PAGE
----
iPhone Killer: The Secret History of the Apple Watch In early 2013, Kevin Lynch accepted a job offer from Apple. Funny thing about the offer: It didn’t say what he would be doing. So intense is Apple’s secrecy that all Lynch knew was his vague title, vice president of technology, and that he’d be working on something completely new. ¶ It was odd that Apple even offered him a job. During his eight years at Adobe, most recently as chief technology officer, he was best known as the only person dumb enough to publicly fight Steve Jobs over the iPhone’s lack of support for Flash videos. When Lynch announced his move, the reaction was immediate: They want this guy? Apple blogger John Gruber called Lynch “a bozo, a bad hire.” Kevin Lynch was responsible for turning the Watch from an idea into a product. Lynch had a lot to prove—and, apparently, a lot to do. As soon as he walked into the studio, he found out the project he’d been hired to run was already on deadline. There were no working prototypes; there was no software. No pressure, Kevin.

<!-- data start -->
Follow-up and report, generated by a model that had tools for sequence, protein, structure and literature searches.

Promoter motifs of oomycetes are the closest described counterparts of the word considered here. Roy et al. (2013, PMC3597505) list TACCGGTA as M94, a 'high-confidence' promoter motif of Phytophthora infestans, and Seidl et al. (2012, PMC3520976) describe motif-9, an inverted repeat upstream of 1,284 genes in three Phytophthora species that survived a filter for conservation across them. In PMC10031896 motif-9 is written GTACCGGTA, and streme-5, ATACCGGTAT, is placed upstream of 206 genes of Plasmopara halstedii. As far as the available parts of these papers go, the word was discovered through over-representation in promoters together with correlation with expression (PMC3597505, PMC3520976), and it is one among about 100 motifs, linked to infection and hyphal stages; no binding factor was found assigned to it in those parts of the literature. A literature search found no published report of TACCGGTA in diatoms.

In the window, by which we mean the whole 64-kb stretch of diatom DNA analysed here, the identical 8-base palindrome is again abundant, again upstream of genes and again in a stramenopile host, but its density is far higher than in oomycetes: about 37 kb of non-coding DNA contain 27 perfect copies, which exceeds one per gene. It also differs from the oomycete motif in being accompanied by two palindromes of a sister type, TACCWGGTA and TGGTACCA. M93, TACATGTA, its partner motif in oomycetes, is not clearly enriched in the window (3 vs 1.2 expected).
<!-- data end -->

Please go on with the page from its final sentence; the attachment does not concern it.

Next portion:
Essential scrap – Projects Scaling images and creating thumbnails from UIViews – iCab Blog In this blog post I would like to show how you can do some common image-related tasks, like scaling an UIImage object or creating a thumbnail image from a UIView. I’m implementing these features as category for the UIImage class, so these can be used with all UIImage objects without the need to subclass the UIImage class. Scaling UIImages Scaling images is important for example when you want to create thumbnail images which are used as an overview for real documents or larger pictures. The standard UIImage class doesn’t provide a method to scale images, but scaling an image isn’t very complicated. You can do it with just 4 lines of code… UIImage *originalImage = ...; CGSize destinationSize = ...; UIGraphicsBeginImageContext(destinationSize); [originalImage drawInRect:CGRectMake(0,0,destinationSize.width,destinationSize.height)]; UIImage *newImage = UIGraphicsGetImageFromCurrentImageContext(); UIGraphicsEndImageContext(); Creating an UIImage from a UIView Retina Display MyImage.h: MyImage.m: